According to an article, which mall officials say they co-wrote, “while being an attractive guest feature, the (Wi-Fi) service simultaneously provides the mall with enough data to fill digital warehouses with information about what people do both online and in the real world while on the property.”
“This type of tracking can happen at any business, any location, any place that there’s any Wi-Fi networks,” Schulte said.
He explained that when your phone connects to Wi-Fi, it’s actually exchanging information with the network.
“You’re telling the Mall of America when you go to the mall, what door you go in, what stores you visit, what level you’re on, as well as what you’re doing on your phone.”
Asked if that means that mall officials could potentially know about it if someone logs onto Facebook while using the mall’s Wi-Fi network, Shulte answered, “Absolutely they know that you’re going to Facebook.”
This is the same paradigm used by websites that rely on ad networks for revenue. Instead of charging the user directly the provider simply snoops on the user and sells the information it collects to advertisers. In this way the advertiser becomes the customer and the user becomes the product.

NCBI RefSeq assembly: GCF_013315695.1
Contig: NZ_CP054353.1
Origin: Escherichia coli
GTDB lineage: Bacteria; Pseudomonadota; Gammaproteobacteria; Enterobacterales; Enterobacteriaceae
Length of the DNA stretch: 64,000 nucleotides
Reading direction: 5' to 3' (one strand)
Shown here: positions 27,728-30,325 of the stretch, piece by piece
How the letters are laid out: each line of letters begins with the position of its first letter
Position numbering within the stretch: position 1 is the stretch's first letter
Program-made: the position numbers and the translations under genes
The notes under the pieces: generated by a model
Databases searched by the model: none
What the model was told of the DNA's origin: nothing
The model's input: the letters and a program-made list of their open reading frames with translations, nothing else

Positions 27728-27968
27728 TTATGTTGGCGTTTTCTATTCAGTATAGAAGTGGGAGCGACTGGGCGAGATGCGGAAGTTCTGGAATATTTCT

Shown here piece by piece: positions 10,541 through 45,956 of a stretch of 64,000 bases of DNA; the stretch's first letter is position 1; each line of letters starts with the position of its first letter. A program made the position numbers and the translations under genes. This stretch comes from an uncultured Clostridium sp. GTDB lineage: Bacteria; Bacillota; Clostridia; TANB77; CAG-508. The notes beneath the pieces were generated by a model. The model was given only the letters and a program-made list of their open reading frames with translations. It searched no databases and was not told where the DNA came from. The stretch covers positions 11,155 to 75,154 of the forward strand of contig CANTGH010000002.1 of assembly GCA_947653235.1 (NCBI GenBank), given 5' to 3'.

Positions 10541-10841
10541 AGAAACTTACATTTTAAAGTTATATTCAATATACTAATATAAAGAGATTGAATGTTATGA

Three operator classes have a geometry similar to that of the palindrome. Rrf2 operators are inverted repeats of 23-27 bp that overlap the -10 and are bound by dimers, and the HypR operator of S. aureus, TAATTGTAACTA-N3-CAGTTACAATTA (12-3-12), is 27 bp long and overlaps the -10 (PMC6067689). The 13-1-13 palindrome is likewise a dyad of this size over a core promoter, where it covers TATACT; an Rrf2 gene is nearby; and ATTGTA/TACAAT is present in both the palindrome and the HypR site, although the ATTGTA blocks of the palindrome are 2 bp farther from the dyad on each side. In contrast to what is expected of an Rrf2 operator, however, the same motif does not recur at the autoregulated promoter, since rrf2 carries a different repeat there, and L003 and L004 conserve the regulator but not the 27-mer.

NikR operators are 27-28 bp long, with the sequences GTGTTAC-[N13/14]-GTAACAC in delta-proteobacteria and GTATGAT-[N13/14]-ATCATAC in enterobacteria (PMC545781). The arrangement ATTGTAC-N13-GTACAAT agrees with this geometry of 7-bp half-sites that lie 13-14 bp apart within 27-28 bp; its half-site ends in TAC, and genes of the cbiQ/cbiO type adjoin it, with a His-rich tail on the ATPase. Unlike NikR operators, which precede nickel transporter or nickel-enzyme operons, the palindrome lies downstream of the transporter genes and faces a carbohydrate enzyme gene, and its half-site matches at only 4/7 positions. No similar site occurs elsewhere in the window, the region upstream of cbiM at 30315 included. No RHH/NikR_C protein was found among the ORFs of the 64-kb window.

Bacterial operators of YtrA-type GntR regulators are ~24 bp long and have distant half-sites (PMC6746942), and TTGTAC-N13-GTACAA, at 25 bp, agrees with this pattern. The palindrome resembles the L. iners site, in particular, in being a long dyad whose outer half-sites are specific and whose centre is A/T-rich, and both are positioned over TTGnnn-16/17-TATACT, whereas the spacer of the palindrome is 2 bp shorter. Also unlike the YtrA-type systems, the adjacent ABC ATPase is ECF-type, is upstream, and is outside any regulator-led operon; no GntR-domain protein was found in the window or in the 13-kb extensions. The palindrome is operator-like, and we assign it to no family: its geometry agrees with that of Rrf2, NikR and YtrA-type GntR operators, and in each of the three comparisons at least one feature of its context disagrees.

I recommend against using public Wi-Fi networks. If you have to use one I recommend doing so through a Virtual Private Network (VPN). A VPN encrypts your traffic from your device to the VPN provider’s server. That means your data isn’t visible to the local Wi-Fi network and therefore cannot be snooped on by local network surveillance. Tor can work to a lesser extent in that you can conceal traffic that can be run through the Tor network but it’s not as effective in this case since most systems, with the exception of specially designed operating systems such as Tails, don’t route all traffic through Tor.
Whenever anybody offers you something for free you should try to figure out what the catch is because there is one.